Judge hopes mediation can solve bitter succession dispute at Kilkenny group

Judge hopes mediation can solve bitter succession dispute at Kilkenny group
Michelle, Greg, Marion, Michael and Melissa O'Gorman celebrating the opening of a new Kilkenny shop in 2010. Pic: Dan Linehan

By Ann O'Loughlin

A judge has expressed hope for a successful mediation of a bitter dispute between a son and his mother concerning ownership of the well-known Kilkenny group of luxury design retail stores, employing 300 people.

Mr Justice Brian McGovern, having been told at the Commercial Court yesterday (mon) the sides had agreed to explore mediation, said that was "very wise", he was glad to hear it and hoped there would be a successful outcome.

Rossa Fanning SC, for Greg O'Gorman, on consent of Bill Shipsey SC, for Marion O'Gorman, secured an adjournment of the proceedings for three weeks to facilitate the mediation.

Greg O'Gorman's case is against his mother Marian, of Fernhurst, Tower, Blarney, Co Cork, who is CEO of the company running the Kilkenny stores. She denies his claims.

Mr O'Gorman's father Michael and siblings Christopher, Castle Close Road, Blarney; Melissa, Mount Street Crescent, Dublin 2 and Michelle, Fernhurst, Tower, Blarney, were all joined as notice parties to the case because its outcome will affect them.

Greg O'Gorman claims his mother "summarily terminated" his employment as group marketing director in July 2016 in a "humiliating" manner after 13 years service and "no suggestion of misconduct or non-performance" on his part.

This left him, his wife and three children, "financially destitute" and he has been unable to get alternative employment, he said.

He claimed, despite promises over years of a share transfer for his hard work, his mother in June 2016 publicly repudiated a signed "Family Constitution" document under which she held legal ownership of shares in the company in trust for the O'Gorman Family Business Partnership comprising himself and his siblings. All four siblings hold a 25% share, with the estimated value of his shareholding at €12.5m, it is alleged.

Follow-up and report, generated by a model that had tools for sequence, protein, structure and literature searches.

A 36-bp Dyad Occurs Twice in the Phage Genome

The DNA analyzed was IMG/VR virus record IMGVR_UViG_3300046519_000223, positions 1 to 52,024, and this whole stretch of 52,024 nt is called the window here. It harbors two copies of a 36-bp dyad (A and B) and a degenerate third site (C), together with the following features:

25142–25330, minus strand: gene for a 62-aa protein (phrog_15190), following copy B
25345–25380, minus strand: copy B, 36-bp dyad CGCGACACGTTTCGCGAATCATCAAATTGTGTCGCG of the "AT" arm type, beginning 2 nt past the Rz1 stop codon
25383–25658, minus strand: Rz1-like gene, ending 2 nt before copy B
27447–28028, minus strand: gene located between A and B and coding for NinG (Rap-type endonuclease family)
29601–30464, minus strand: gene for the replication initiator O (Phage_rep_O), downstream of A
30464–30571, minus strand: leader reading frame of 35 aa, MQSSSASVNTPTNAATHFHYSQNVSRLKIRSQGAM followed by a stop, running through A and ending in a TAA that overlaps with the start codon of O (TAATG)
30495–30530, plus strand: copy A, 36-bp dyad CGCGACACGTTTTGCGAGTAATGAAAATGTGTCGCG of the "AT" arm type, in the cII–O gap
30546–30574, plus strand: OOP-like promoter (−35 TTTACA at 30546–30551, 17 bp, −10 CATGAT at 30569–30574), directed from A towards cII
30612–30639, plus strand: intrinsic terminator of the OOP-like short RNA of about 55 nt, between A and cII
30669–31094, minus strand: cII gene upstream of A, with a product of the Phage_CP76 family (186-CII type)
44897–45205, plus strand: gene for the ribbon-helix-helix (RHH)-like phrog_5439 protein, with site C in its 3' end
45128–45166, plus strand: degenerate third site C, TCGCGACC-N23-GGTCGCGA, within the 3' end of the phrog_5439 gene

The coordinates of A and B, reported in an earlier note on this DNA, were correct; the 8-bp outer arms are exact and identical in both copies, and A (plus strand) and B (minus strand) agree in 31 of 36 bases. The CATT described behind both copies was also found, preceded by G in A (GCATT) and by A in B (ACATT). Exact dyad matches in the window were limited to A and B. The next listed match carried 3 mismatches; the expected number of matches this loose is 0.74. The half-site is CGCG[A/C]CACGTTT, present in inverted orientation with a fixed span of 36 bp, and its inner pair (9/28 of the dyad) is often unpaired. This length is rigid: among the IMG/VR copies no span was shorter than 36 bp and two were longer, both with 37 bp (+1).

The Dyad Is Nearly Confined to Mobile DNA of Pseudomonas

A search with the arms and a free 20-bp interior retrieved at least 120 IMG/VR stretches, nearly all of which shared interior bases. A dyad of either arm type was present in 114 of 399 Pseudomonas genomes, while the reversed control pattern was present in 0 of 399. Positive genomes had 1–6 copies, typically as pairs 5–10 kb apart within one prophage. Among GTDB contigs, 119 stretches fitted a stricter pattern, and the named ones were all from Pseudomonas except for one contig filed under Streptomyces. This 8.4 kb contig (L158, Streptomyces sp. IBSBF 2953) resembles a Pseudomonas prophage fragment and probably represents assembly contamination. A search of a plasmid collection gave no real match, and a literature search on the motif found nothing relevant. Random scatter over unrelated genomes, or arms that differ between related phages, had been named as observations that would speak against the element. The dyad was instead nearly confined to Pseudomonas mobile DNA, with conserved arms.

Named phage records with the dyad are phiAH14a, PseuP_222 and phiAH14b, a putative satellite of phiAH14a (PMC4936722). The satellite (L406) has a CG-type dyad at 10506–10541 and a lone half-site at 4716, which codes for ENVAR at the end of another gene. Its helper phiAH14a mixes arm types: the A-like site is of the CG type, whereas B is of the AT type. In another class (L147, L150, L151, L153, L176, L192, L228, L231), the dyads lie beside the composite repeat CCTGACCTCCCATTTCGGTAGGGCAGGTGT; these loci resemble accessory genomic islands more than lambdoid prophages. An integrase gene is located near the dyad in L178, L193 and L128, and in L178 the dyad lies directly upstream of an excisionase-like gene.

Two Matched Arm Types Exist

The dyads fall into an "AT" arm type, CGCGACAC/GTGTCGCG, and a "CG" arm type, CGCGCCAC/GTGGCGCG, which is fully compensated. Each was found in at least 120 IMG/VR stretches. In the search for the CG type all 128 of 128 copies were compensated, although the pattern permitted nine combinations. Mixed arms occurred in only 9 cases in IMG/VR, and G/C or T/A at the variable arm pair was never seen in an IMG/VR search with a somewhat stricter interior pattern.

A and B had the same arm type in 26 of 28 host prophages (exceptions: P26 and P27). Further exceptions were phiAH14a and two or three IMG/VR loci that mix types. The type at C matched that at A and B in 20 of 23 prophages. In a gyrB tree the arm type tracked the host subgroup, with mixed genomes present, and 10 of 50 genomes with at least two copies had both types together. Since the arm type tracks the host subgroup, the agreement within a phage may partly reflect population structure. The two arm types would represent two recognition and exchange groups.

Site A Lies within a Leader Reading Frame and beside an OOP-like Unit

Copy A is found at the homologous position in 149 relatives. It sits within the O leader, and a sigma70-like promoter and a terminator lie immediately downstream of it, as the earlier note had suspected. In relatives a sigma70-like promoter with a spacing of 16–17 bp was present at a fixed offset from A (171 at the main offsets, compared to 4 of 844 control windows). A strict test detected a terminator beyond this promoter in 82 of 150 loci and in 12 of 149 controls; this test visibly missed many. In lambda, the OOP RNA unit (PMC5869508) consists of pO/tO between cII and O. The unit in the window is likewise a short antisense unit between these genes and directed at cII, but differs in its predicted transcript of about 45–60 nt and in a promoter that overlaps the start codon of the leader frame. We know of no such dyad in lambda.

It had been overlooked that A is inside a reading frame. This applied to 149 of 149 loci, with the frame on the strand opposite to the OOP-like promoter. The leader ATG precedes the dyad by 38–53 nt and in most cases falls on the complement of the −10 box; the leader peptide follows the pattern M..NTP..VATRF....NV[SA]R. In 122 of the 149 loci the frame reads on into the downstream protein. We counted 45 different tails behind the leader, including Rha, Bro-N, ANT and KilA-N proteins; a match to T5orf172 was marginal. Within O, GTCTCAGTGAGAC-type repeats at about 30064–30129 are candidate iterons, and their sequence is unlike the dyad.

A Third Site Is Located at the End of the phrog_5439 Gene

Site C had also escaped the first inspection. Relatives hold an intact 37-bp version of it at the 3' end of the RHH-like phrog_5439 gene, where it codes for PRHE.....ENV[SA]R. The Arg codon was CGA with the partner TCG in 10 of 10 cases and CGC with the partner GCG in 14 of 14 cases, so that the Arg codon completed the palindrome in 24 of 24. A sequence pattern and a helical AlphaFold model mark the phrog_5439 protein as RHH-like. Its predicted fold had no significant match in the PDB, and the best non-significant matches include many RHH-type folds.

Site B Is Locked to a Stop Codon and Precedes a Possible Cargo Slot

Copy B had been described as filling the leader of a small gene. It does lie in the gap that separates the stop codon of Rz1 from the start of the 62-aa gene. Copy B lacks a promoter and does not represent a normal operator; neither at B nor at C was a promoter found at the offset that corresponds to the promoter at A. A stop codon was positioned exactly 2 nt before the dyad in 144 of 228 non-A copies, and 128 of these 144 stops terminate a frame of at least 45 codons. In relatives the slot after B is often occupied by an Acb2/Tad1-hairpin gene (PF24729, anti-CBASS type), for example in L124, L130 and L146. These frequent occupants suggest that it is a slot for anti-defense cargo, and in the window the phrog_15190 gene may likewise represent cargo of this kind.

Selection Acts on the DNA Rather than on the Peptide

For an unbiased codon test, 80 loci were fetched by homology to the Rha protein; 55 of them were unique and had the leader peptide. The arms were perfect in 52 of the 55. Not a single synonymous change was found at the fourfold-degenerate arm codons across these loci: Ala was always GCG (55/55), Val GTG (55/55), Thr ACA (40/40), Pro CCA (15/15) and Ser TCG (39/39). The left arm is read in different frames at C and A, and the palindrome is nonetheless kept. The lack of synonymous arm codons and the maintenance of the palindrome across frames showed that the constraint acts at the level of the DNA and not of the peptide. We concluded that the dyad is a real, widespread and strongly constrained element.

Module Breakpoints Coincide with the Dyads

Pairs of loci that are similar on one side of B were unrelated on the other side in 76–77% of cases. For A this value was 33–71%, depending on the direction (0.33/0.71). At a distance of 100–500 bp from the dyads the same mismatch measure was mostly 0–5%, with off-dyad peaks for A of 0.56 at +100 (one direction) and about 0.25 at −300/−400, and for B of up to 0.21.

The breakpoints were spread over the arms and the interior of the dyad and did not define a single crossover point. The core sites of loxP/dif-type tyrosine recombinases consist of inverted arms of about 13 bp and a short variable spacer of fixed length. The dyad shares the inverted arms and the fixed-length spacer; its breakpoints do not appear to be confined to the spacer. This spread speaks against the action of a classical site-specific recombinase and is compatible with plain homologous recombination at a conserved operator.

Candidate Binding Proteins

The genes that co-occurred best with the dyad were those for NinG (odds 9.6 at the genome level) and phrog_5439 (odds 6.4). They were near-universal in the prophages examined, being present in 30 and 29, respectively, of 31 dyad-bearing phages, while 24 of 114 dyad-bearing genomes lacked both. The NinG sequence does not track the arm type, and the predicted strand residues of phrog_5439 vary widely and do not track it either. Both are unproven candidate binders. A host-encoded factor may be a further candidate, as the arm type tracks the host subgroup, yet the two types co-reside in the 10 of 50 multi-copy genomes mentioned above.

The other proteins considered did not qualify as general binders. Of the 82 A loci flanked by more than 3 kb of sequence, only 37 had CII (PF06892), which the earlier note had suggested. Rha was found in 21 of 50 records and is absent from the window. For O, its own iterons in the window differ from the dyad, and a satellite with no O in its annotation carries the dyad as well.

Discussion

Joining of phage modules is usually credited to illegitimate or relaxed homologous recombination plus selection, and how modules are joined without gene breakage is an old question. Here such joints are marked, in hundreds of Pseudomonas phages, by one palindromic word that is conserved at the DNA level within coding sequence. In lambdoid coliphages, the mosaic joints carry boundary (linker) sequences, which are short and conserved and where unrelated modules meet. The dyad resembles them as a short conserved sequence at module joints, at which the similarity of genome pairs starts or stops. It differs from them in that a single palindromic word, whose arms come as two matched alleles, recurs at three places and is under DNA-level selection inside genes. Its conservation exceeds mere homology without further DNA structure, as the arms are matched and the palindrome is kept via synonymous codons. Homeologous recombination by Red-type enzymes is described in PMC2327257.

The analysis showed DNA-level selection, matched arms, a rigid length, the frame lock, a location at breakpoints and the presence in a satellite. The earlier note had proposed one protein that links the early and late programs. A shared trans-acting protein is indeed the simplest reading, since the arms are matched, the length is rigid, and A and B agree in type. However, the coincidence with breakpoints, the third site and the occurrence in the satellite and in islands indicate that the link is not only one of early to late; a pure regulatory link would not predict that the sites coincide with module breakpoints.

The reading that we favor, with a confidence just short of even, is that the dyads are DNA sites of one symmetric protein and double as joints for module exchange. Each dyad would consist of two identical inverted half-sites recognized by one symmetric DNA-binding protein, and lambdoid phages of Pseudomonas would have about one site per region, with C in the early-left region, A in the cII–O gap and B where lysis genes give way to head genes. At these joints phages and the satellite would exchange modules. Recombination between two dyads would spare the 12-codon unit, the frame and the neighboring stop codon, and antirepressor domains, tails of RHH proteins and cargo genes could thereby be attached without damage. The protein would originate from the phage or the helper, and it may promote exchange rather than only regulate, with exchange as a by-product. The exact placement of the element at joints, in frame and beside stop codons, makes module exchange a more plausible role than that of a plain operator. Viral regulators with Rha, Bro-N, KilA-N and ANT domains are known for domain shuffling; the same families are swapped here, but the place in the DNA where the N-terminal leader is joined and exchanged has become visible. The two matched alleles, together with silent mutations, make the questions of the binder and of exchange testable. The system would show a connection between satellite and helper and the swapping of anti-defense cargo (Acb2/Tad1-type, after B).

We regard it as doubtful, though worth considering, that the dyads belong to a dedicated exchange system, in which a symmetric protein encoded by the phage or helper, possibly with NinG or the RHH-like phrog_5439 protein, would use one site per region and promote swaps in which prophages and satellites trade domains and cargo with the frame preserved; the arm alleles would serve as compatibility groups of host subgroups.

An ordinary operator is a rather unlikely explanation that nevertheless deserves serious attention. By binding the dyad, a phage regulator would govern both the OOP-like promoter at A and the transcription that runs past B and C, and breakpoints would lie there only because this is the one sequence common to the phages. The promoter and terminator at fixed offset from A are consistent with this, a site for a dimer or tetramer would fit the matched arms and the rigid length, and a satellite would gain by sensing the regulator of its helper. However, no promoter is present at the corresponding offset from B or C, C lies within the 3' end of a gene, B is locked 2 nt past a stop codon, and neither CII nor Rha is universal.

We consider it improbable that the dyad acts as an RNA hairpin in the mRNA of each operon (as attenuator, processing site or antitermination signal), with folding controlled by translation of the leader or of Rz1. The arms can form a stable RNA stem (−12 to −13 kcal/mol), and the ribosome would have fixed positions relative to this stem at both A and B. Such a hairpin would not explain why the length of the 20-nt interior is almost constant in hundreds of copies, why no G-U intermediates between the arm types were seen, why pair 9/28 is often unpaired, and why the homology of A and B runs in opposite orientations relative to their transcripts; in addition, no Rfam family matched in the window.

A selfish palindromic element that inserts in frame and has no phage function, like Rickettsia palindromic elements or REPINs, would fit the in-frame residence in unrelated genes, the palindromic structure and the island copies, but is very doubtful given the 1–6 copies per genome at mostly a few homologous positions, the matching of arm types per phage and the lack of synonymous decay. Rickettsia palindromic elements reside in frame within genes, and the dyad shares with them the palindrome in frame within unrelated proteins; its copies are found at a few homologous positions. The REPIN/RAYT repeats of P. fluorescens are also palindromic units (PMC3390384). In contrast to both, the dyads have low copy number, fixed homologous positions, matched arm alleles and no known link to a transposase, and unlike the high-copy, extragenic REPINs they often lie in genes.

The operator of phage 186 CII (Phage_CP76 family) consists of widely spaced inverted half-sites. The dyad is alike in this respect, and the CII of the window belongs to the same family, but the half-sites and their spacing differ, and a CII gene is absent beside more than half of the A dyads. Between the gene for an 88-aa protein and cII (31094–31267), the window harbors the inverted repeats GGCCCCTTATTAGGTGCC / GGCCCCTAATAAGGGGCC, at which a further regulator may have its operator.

The "enormous personal toll" of these events has been compounded by marital disharmony between his parents who recently separated after 41 years married, he added.

When admitting the case to the Commercial Court last February, Mr Justice McGovern said it was "peculiarly suited" for mediation and urged the parties to consider that. Mr Fanning, for Mr O'Gorman, said he would convey what the judge had said but, unfortunately, there was a "history of acrimonious disputes" which Mrs O'Gorman had found herself at the centre of over years.

Mr O'Gorman, Castle Close Avenue, Blarney, said Clydaville Investments Ltd, which carries on the luxury design retail Kilkenny business brand, operates 15 stores with its flagship store at Dublin's Nassau Street. He had secured a preliminary desktop valuation of some €50m for the business.

File photo of Greg O'Gorman. Pic: Denis Minihane
File photo of Greg O'Gorman. Pic: Denis Minihane

He was employed full-time by Clydaville between 2003 and 2016 and was ultimately promoted by his mother to group marketing director. The business flourished particularly during and since the economic recession, due "in no small part" to his management contribution, and he worked exceptionally long hours for a salary that did not reflect that, he said.

His mother represented he was effectively working for himself because of "repeated" promises to transfer a shareholding to him, he claimed.

A "Family Constitution" executed in September 2010 created a family partership involving the four children as general partners and their mother as managing partner with Mrs O'Gorman continuing as named shareholder of Clydaville but holding the shares in trust for the O'Gorman Family Partnership, he claimed.

All parties complied with those documents until a company meeting of June 22, 2016, when his mother read a prepared statement the company was no longer to be considered as a "family company" and his employment was summarily terminated without reasons shortly afterwards, he said.

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